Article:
Damon Albarn returned to the stage last night with his Gorillaz project in tow to premiere their upcoming album Humanz in their first live show since 2010.
Held at South London’s cavernous Printworks venue, the band joined the stage piece by piece to the sounds of a classic Detroit techno-style instrumental before Albarn set the tone for the night. Dressed in all black alongside his band – consisting of two drummers and a prominent six-piece choir – he announced that the entirety of next month’s Humanz would be performed with “pretty much” every guest on the album. Of those guests, Grace Jones, Popcaan, Mavis Staples and Vince Staples were represented through video screens, although Albarn promised that the full guest cast would be present at their self-curated Margate show in June.
However, this did not appear to be a dress rehearsal for the year ahead, what with the show being simultaneously streamed via the Gorillaz Facebook page for those unlucky to get tickets from Thursday’s online ballot. From reports last year, Albarn had promised that the music would be “upbeat” and with “quite a lot of energy”, and he did not disappoint – even throughout its minor key second half, Humanz sounds particularly energetic. From the opener ‘Ascension’ through to closer ‘We Got the Power’, the music at times presented an arena-sized concoction of Minneapolis funk, New Romantic synth-pop and hip-hop, continuing in the genre shapeshifting that has marked the Gorillaz’ discography.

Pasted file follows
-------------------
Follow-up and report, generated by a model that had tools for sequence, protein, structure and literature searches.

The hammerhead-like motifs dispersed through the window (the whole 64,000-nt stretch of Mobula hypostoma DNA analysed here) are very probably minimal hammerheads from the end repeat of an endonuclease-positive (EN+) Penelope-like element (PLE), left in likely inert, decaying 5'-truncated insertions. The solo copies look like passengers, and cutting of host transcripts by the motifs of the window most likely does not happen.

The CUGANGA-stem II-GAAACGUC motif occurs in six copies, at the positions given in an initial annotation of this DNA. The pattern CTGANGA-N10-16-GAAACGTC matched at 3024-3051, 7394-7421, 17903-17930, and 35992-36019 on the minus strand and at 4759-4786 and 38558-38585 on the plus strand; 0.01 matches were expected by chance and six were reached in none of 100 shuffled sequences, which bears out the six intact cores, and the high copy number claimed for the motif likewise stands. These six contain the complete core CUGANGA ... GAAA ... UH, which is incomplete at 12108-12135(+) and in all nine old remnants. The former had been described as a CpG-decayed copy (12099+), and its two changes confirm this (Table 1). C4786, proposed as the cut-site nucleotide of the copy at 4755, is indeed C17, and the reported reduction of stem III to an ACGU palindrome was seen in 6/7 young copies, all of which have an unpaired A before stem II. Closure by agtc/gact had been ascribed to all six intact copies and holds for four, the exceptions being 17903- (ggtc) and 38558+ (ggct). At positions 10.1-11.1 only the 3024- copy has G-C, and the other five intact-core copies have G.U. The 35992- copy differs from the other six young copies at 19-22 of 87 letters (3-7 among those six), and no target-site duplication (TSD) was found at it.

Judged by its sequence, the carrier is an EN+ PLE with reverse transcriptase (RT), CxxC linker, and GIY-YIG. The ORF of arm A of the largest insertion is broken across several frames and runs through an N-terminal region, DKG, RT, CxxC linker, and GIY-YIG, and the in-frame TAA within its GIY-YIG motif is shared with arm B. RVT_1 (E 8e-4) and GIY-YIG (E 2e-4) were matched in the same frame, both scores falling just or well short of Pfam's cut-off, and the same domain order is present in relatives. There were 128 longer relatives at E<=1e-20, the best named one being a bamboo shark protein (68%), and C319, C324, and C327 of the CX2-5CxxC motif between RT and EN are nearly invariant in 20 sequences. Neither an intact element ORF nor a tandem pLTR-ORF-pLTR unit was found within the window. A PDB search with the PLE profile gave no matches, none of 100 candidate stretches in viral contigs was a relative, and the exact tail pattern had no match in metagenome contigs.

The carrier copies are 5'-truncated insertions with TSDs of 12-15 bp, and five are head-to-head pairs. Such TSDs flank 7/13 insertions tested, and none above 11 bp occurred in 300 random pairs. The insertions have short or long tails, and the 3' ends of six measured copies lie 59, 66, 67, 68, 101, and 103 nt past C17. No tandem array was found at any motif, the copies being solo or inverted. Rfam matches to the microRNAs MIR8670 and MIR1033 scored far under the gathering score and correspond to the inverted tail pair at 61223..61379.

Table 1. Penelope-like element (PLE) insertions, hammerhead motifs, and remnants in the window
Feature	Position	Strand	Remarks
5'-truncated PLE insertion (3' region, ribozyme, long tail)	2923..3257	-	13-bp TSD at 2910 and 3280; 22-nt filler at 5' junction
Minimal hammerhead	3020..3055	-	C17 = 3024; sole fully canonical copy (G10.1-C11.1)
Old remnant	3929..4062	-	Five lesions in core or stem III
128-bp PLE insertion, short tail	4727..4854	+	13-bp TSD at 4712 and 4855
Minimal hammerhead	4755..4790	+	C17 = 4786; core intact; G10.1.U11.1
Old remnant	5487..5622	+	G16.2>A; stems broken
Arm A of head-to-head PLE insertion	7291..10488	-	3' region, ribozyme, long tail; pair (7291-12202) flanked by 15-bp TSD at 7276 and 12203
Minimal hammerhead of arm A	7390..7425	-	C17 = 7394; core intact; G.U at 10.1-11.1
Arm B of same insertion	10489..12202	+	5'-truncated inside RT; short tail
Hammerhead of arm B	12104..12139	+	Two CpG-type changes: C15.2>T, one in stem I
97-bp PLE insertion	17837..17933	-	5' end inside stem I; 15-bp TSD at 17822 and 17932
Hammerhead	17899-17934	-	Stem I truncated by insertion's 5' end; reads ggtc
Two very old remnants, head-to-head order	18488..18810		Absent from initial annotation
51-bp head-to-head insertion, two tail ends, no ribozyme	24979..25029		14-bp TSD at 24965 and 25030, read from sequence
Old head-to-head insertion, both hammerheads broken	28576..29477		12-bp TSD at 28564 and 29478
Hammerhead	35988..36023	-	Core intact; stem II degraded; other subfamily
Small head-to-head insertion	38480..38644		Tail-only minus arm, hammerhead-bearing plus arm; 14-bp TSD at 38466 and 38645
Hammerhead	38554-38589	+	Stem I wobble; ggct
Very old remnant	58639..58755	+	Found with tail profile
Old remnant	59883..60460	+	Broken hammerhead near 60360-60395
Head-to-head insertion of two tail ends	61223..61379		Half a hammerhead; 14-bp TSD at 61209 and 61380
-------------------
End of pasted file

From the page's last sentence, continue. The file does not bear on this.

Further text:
The guests – flanked by a screen flashing checkboard motifs as well as co-creator Jamie Hewlett’s designs for the band’s cartoon avatars through the years – ranged across genres. Most notably, the stage was shared by Blur’s Graham Coxon (alongside a white-clad Kelela and Danny Brown during the R&B-infused ‘Submission’) and Noel Gallagher, formerly of Oasis (for ‘Power’ with Savages vocalist Jehnny Beth). While not the first time these former Britpop adversaries have performed alongside each other, it still was a shock to see a keytar-bound Albarn grinning as Gallagher played rhythm guitar, and an example of Albarn’s communicative welcoming approach to his many collaborators.
Following a run-through of the album that included a repeat performance of Pusha/Staples collaboration ‘Let Me Out’ demanded by the audience, the band began its first of two encores, laying out fan-favourites and hits alike: ‘Kids With Guns’, ‘Feel Good Inc.’ with De La Soul, ‘Clint Eastwood’ alongside Del tha Funkee Homosapien. Yet it was at the close of this encore – where Albarn introduced and extended thanks to album producers Twilite Tone and Remi Kabaka – and at the end of the second encore, where every performer came stage, that the evening felt particularly special. Albarn thanked everyone on stage again for their contributions to the evening and to Humanz following a rendition of Demon Days’ ‘Don’t Get Lost in Heaven’, and the moment was touching, a sign of shared creative triumph. They plan to do it again soon in Margate, but next time round, Humanz will have grown familiar. One can only imagine what he and Hewlett (glimpsed cheering during the second encore) pull off at that point.